The main objective of the campaign is to create awareness about the need that all stakeholders should work together to increase the quality of life for multiple sclerosis patients. The campaign for multiple sclerosis lasted for a week and brought together physicians, patients, authorities and the general public.                                        



The Association of Patients with Neurodegenerative Conditions (APAN Romania)represents the community offering the opportunity to all individuals affected by neurodegenerative diseases to live their lives to the highest potential and providing the assistance they need until a treatment shall be finally found. APAN Romania represents and defends the rights of individuals with neurodegenerative diseases in Romania. The mission of the association is to provide access to innovative information, educate all stakeholders regarding the needs of people with neurodegenerative disorders and to improve/facilitate equal access to high-quality treatment and therapies in order to improve the quality of life. APAN Romania wishes to become the main voice of the individuals with neurodegenerative diseases in Romania and to ensure that the patients have a strong voice inserting their own goals and priorities.


There are 700.000 people diagnosed with multiple sclerosis in Europe out of which 4000 live in Romania and are part of a national treatment scheme covered by the Ministry of Health. Estimations of undiagnosed or misdiagnosed patients reach 10.000. Multiple sclerosis is a chronic (life-long) disease that affects the central nervous system, including the brain, spinal cord and optic nerves. MS is most commonly diagnosed between the ages of 20 and 40, with the average age of onset 34 years of age. MS affects twice as many women than men. The disease is highly unpredictable and no two patients’ symptoms are the same. While some patients may be mildly affected, in other people the condition may progress more rapidly to different levels of disability. Common MS symptoms include blurred vision, extreme fatigue, pain, spasms, numbness in legs and hands, loss of movement and speech problems.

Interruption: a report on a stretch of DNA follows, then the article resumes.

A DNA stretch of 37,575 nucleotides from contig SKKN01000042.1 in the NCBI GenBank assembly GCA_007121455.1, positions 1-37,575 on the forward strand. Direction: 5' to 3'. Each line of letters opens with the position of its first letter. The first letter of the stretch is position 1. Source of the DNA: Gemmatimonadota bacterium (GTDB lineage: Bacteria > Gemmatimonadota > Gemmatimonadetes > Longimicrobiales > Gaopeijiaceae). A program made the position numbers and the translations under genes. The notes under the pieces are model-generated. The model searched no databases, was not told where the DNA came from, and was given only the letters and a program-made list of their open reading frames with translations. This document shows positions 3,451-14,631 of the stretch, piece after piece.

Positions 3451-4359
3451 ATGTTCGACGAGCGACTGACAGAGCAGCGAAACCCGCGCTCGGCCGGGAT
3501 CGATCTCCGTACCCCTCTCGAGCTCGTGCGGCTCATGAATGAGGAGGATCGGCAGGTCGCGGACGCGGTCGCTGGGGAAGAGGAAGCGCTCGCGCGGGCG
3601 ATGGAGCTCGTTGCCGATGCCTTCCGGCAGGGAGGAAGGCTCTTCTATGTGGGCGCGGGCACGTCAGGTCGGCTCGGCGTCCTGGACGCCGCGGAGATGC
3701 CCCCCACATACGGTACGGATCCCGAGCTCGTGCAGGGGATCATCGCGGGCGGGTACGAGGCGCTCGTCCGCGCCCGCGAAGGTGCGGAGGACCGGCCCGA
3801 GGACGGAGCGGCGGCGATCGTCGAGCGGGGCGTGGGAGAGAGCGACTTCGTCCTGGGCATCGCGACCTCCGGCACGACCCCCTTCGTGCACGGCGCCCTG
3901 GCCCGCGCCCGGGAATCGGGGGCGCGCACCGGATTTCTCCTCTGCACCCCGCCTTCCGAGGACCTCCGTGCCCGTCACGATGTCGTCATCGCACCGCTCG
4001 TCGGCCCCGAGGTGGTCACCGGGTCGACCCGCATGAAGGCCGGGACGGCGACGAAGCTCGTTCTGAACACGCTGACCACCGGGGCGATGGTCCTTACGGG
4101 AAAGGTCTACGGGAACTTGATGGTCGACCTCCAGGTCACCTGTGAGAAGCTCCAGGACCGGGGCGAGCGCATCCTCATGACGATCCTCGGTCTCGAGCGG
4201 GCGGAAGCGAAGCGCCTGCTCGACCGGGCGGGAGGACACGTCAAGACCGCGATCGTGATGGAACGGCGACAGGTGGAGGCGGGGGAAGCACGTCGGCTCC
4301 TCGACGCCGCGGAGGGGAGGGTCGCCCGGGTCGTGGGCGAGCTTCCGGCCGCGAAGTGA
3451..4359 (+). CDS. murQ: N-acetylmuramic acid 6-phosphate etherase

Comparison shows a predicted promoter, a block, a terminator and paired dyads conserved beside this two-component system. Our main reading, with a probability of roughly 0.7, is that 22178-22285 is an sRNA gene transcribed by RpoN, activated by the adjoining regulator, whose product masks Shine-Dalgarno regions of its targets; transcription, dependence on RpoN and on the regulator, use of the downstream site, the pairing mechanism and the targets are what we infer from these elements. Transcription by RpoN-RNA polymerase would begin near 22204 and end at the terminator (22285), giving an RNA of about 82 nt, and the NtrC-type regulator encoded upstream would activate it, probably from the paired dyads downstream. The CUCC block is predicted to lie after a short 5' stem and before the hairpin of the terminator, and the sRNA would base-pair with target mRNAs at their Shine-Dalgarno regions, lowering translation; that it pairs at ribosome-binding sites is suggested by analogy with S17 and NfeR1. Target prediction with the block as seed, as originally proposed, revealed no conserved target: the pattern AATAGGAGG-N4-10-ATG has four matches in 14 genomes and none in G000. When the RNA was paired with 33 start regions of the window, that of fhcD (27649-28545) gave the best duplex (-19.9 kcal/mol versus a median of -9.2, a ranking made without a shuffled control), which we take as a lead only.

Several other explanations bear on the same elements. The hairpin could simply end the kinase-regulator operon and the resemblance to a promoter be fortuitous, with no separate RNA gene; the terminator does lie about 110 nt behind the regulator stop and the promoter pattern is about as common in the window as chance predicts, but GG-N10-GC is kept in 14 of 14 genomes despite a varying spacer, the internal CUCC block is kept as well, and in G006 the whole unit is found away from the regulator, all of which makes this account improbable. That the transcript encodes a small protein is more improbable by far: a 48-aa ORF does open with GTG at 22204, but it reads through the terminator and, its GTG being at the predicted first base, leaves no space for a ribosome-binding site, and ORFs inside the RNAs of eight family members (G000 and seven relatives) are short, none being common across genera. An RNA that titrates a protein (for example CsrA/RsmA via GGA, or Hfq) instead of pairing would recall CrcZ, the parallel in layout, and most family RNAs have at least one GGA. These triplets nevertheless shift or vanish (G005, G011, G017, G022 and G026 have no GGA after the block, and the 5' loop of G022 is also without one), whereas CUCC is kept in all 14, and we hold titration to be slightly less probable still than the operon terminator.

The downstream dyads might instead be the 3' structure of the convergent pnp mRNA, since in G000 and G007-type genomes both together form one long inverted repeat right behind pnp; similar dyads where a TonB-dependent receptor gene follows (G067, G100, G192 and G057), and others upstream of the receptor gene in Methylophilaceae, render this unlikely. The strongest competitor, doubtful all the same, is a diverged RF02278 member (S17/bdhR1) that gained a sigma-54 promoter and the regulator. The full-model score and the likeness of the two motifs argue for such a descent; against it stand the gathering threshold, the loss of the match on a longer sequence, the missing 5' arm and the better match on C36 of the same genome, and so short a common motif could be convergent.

In Romania, there are only 12 MS Centers, usually located in emergency hospitals, inappropriate for chronic patients. The current organization of the Romanian health system is deficient as number of staff, resources or bad organization. All centers have become super-crowded (getting the monthly treatment from the hospitals means 700 or even 900 patients per center per month, only for home treatment (injection or oral) and this is an uncomfortable situation for both patients and medical staff (not to mention the time, expenses or efforts involved in moving patients from all over the country to these centers). There are solutions to increase the number of centers in Romania through a review of the accreditation criteria and change in the system, but the situation is delayed at the Ministry of Health.